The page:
- I want the utterly unique task of the church—making disciples of Jesus Christ in the power of the Spirit to the glory of God the Father—put front and center, not lost in a flurry of humanitarian good deeds or environmental concerns.
I affirm that faith without works is dead. I agree that the gospel should be adorned with good works. I agree that those saved by the gospel will live lives of compassion, justice, and love. I applaud and pray for more churches that do orphan care, address hunger issues, and tackle community problems with the aim of meeting human need and “putting in a good word for Jesus.”
So what is the mission of the church? The mission of the church is to go into the world and make disciples by declaring the gospel of Jesus Christ in the power of the Spirit and gathering these disciples into churches, that they might worship and obey Jesus Christ now and in eternity to the glory of God the Father. In other words, the mission of the church is not equal to everything God is doing in the world, nor is it everything we do in obedience to Christ. The mission of the church is the Great Commission. As Kostenberger says, “the church ought to be focused in the understanding of its mission. Its activities should be constrained by what helps others to come to believe that the Messiah, the Son of God, is Jesus.”
But to say disciple-making is the “central” aim or our “priority,” or our “focus” is not to say that everything else is suspect. Galatians 6:10 says, “Do good to all people, especially to the household of faith.” I should also add that the language of “priority” does not mean evangelism or discipleship must happen temporally prior to any other kind of ministry. “Priority” doesn’t mean you do items 1-10 on your list and then you can tackle 11-15.
It does mean, however, that priorities ought to take, well, priority. We live in a world of finite time, finite people, and finite resources. Therefore, the church cannot do everything noble there is to do. If our mission is discipleship this will mean something for the church’s allocation of time, talents, and treasure. What that something looks like depends on the wisdom of the leadership of the local church. I don’t have a formula for what keeps disciple-making properly in the focus. Except to say this: if the church as a body tackles few community problems, but it is making disciples, and those disciples are individually living as disciples, the church is being faithful. Conversely, if we do everything else—serve, bless, renew the city, create culture, transform our schools—but do not make disciples, we are failing in our mission.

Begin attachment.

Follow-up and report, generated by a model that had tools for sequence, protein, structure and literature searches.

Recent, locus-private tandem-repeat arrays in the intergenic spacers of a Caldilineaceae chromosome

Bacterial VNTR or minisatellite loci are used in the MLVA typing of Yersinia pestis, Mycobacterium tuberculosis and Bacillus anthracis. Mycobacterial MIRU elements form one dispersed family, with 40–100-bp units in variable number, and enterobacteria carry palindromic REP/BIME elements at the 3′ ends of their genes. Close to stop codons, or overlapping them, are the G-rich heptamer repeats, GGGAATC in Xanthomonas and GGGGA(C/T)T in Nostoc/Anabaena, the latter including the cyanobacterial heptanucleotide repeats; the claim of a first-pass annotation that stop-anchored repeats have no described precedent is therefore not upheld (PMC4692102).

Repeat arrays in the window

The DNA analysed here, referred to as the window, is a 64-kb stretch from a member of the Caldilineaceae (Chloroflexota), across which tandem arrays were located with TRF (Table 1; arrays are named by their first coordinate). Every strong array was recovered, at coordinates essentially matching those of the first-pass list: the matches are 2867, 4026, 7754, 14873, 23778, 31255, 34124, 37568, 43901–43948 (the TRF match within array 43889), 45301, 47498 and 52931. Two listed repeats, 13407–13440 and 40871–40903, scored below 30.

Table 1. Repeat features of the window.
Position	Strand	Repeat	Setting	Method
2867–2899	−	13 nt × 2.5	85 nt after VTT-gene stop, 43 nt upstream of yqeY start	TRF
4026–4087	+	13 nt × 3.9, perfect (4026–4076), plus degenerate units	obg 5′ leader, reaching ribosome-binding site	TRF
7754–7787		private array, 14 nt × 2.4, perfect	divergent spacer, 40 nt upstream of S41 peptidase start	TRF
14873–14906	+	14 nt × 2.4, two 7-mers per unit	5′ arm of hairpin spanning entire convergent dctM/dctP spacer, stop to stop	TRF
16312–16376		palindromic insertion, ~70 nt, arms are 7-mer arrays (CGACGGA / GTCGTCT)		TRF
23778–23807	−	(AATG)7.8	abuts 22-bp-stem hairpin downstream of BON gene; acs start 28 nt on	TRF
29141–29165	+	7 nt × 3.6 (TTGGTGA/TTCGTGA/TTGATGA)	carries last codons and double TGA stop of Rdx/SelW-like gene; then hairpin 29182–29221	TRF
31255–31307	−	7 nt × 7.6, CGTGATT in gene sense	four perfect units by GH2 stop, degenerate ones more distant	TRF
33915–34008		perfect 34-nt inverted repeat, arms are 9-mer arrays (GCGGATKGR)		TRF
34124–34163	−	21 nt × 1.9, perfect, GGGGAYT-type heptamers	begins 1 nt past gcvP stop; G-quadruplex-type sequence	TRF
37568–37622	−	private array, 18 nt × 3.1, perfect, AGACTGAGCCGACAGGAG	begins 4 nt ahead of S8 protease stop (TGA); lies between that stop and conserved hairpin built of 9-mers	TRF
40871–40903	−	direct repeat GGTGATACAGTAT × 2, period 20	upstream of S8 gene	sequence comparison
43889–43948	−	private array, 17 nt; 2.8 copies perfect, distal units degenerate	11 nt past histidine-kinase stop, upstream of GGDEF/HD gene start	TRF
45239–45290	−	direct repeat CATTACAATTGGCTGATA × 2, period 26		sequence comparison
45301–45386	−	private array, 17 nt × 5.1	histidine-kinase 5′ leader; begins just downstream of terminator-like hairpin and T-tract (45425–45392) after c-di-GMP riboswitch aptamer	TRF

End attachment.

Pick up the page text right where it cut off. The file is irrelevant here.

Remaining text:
Of course, Christians committed to biblical truth will recognize this as a demand to lie to sinners about their sin. The church cannot change its understanding of the sinfulness of homosexual acts unless it willfully disobeys the Scripture and rejects the authority of the Bible to reveal the truth about sin and sinfulness.
In other words, the believing church cannot surrender to the demand that we disobey and reject biblical truth. That much is clear. We cannot lie to persons about the sinfulness of their sin, nor comfort them with falsehood about their moral accountability before God. The rush of the liberal churches and denominations to normalize homosexuality is now a hallmark of their disobedience to the Bible.
But this is not the end of the matter, and we know it. When gay activists accuse conservative Christians of homophobia, they are wrong. Our concern about the sinfulness of homosexuality is not rooted in fear, but in faithfulness to the Bible — and faithfulness means telling the truth.
Yet, when gay activists accuse conservative Christians of homophobia, they are also right. Much of our response to homosexuality is rooted in ignorance and fear. We speak of homosexuals as a particular class of especially depraved sinners and we lie about how homosexuals experience their own struggle. Far too many evangelical pastors talk about sexual orientation with a crude dismissal or with glib assurances that gay persons simply choose to be gay. While most evangelicals know that the Bible condemns homosexuality, far too many find comfort in their own moralism, consigning homosexuals to a theological or moral category all their own.
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I read this, "Jesus [came] to show the Father accepts you!" Yet I don't find it in Scripture in the context that it is meant. Can anyone offer support for this? Right now, it seems to be a popular liberal/postmodern/emerg* error. But I'd be interested in texts that state otherwise.There are two common false notions; that God accepts us as we are and that Jesus came to demonstrate that acceptance. Neither could be further from the truth. God loves us and hates our rebellion. He wants us to repent. Jesus came to provide a way for us to die to ourselves and live through Him by paying the penalty of our rebellion. We are accepted only "in" Him.
Evangelical Christians love America. Some see in her the last hope of creating a Christian nation. But it is not a Christian nation. It is pagan to the core. It is in danger of becoming, if it is not already, the new “Evil Empire.” The Mayflower Compact is a museum piece, a relic of a forgotten era. “In God We Trust” is now a lie.